Daniel Bruhl (‘The Alienist’): Being married to an alienist helped him prepare for TNT series [EXCLUSIVE VIDEO INTERVIEW]

Daniel Bruhl was “immediately fascinated” by “The Alienist” when he first read Caleb Carr‘s original novel. That novel was adapted into a TNT limited series in which Bruhl plays Dr. Laszlo Kreizler, a criminal psychologist (known at the time as an alienist) who teams up with a newspaper illustrator (Luke Evans) and a headstrong NYPD secretary (Dakota Fanning) to investigate a serial killer in 19th century New York City. The actor, who grew up in Germany, was particularly struck by the show’s combination of “gripping, dark thriller” and “entertaining history lesson about New York … I learned so many things I didn’t know.” He was also excited by the opportunity to go “back in time” to explore “the beginning of so many sciences that now we know so much better.” Watch our exclusive video interview with Brühl above.

SEE Dakota Fanning (‘The Alienist’): ‘I tend to be drawn to darker subject matter’ [EXCLUSIVE VIDEO INTERVIEW]

Dr. Kreizler is an early practitioner in his field, which at the time was only about 20 years old. “Before that people considered psychology as a branch of philosophy,” Brühl explains, and at the time “people were afraid to look inside the human mind,” preferring to believe that murderers were “possessed by the devil.” He researched the part by reading the works of early pioneers like Sigmund Freud, finding a lot of similarities between Kreizler and that famous Viennese founder of psychoanalysis.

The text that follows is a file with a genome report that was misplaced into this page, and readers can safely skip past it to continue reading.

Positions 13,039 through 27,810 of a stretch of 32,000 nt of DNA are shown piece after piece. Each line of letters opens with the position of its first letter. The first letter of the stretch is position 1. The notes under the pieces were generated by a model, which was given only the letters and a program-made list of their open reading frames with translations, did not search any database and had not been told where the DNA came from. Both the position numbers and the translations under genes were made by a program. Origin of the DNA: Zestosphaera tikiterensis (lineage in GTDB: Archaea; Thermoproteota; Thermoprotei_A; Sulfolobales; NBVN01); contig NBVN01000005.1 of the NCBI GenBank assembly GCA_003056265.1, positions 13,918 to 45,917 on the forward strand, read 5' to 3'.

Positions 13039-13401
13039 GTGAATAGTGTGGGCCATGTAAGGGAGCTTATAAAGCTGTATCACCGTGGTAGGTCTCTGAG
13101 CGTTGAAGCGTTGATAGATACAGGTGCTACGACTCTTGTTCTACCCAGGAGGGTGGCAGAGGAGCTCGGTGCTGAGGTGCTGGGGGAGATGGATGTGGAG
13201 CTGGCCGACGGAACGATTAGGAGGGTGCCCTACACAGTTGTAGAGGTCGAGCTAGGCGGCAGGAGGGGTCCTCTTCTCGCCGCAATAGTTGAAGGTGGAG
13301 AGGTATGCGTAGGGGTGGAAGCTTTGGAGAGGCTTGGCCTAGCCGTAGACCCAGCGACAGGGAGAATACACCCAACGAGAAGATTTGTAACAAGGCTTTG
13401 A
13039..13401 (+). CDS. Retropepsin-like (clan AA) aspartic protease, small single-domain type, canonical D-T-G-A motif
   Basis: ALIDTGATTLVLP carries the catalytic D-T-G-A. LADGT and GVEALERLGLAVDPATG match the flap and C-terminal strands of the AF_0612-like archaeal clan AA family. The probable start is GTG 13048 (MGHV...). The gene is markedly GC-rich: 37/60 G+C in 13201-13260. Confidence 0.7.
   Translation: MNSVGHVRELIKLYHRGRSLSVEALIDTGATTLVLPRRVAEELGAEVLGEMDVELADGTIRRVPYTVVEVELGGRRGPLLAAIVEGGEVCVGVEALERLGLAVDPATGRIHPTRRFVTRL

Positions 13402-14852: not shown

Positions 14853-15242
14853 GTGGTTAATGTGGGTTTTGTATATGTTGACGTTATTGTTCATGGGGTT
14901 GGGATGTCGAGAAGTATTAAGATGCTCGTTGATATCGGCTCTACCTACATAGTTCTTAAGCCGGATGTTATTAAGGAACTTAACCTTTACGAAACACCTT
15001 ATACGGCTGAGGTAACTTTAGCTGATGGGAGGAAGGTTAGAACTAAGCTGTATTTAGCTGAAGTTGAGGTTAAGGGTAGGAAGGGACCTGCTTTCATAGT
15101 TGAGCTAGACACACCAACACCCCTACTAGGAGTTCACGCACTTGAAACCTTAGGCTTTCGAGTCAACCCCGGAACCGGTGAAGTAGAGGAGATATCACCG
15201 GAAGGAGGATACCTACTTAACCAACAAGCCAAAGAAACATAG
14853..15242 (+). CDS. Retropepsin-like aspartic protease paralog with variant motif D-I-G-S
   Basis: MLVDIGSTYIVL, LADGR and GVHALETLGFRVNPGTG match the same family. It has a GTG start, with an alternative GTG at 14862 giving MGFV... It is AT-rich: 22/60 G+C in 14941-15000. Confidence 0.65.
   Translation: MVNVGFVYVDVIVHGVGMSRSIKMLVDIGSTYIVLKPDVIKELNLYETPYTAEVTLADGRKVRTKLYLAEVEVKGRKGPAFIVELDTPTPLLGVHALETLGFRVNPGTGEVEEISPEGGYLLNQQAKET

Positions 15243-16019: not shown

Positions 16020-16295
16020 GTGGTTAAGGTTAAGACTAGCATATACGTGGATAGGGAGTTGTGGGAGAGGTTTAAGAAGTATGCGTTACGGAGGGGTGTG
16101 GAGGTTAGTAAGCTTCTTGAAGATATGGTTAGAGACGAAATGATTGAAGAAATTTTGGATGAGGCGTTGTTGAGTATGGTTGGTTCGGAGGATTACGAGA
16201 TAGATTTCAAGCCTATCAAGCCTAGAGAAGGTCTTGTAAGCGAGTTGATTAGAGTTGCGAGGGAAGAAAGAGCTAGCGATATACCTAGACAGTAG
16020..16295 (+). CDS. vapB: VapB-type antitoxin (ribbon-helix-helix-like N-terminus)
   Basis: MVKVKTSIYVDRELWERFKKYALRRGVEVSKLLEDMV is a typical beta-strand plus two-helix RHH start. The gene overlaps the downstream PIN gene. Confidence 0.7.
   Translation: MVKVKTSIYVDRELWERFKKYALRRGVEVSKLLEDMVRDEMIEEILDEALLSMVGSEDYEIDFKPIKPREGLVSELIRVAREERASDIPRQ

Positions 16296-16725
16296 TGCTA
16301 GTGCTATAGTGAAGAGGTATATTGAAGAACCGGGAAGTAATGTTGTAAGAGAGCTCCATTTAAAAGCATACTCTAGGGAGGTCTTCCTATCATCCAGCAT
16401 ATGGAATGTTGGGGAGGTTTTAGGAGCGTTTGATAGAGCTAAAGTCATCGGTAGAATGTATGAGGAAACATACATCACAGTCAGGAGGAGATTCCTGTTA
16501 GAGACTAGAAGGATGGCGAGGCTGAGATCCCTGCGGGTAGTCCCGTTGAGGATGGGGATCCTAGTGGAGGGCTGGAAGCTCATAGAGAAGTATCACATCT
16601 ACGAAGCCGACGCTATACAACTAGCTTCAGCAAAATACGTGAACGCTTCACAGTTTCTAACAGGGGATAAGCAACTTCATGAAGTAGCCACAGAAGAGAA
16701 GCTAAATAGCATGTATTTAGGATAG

But “the handiest thing is that I’m married to an alienist,” he reveals. “My wife is a psychologist, so she supported me all the way through.” She put him in touch with criminal psychologists, and he even attended psychotherapy in Budapest “just to learn a bit more about that.”

Brühl received Golden Globe, SAG, BAFTA, and Critics Choice nominations for Best Supporting Actor for “Rush” (2013). And he won a SAG Award as a member of the ensemble cast of “Inglourious Basterds” (2009). He is also known for films including “Good Bye Lenin!” (2003), “Ladies in Lavender” (2004), “Joyeux Noel” (2005), “The Bourne Ultimatum” (2007), “A Most Wanted Man” (2014), and “Captain America: Civil War” (2016).

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